In a racist screed published in 1836 by the Washington Globe, a mouthpiece of the national Democratic Party, it was asserted that the Whigs were “notoriously in favor of free negro suffrage” for an “obvious reason.” 

“These lowest and most degraded voters, who are destitute of property, are always subject to the moneyed aristocracy,” the Globe wrote. “They hire them and command their votes. Hence it is that in Boston, in Portland, and other northern cities, where the free blacks vote, they go en masse for the federal party.” 

A few days before the election of 1832, Fessenden caucused with a group of Black men in Portland, and the following Tuesday, Nov. 6, the National Republicans squeaked out a victory in the municipal election, winning by just 21 votes. It was clear Black voters had made the difference, and the Jacksonians were furious.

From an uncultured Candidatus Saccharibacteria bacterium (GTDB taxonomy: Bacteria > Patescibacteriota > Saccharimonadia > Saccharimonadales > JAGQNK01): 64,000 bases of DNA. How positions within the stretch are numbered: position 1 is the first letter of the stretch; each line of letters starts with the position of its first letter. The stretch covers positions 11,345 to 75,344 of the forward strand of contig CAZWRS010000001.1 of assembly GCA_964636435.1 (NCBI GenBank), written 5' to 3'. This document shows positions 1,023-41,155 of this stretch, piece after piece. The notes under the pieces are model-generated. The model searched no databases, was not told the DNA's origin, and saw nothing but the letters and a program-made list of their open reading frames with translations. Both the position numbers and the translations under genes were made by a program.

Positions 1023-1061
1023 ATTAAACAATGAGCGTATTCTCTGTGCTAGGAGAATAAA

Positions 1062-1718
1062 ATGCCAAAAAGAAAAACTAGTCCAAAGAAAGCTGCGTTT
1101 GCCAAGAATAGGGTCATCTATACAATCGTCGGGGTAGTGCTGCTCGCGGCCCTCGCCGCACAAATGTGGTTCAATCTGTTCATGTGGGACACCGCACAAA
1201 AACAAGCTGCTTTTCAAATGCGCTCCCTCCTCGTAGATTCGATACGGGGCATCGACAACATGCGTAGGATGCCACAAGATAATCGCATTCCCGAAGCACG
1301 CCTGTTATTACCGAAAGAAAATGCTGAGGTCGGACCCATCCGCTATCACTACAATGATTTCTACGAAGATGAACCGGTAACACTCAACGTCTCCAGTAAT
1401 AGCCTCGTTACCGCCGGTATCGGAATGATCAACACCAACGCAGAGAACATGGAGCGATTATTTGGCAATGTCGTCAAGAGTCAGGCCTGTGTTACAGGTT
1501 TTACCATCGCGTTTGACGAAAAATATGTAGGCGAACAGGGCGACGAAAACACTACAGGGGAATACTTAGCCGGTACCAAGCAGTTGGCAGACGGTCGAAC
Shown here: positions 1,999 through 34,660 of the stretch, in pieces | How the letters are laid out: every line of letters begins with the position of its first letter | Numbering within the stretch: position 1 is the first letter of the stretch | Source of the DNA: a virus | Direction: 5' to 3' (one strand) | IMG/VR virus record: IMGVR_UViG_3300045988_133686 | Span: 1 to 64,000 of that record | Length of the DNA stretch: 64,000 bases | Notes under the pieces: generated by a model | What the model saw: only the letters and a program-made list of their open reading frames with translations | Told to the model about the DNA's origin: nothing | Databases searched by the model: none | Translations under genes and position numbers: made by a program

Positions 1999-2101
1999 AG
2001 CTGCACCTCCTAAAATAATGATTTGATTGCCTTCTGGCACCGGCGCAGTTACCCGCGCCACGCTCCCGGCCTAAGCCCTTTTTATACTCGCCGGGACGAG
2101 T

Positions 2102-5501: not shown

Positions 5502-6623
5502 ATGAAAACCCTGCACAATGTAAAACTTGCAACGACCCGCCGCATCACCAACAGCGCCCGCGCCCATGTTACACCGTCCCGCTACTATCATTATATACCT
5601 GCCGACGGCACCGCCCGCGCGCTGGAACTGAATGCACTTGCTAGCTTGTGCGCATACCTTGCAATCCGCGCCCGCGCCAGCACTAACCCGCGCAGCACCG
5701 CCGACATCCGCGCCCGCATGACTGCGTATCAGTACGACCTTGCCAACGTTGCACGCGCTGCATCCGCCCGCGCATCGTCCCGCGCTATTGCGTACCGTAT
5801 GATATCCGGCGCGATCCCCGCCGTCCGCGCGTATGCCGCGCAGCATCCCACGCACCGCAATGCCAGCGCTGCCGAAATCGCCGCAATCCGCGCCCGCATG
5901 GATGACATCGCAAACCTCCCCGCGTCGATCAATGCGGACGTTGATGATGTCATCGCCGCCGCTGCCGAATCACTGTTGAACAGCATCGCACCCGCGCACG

The Globe fumed that the “Portland Nationals” won by forming a coalition “with a body of real Ebonies,” whose votes were “obtained by the influence of an orthodox preacher.”It accused Fessenden and other local Republicans of bribing Black voters with dinner and liquor “at the grog shop.” The white Republicans reportedly gave the Black men “three cheers” as they entered the party caucus.

“The company of 58 blacks were prepared to march to the polls,” the Globe wrote, “and carried a majority of 21 votes over the free white population.”

In the anti-Jackson Portland Advertiser, Republicans vigorously denied there was any impropriety in the election, noting that the attack “in the government organ” was appropriate for “the region of negro slavery, and the White House of Andrew Jackson,” but was “ill fitted for free, happy, and independent New England, where the soul of a colored man is believed to be as white and as pure as that of a king on his throne, or the President. … By our constitution, the vote of a colored man is as good as that of a white man.” The Advertiser added that Fessenden “has done nothing that he would not willingly do over again. … He never has been taught to set himself above one of his fellow citizens, nor to think a man of different complexion from himself beneath his attention. … The same God that made them, made him.”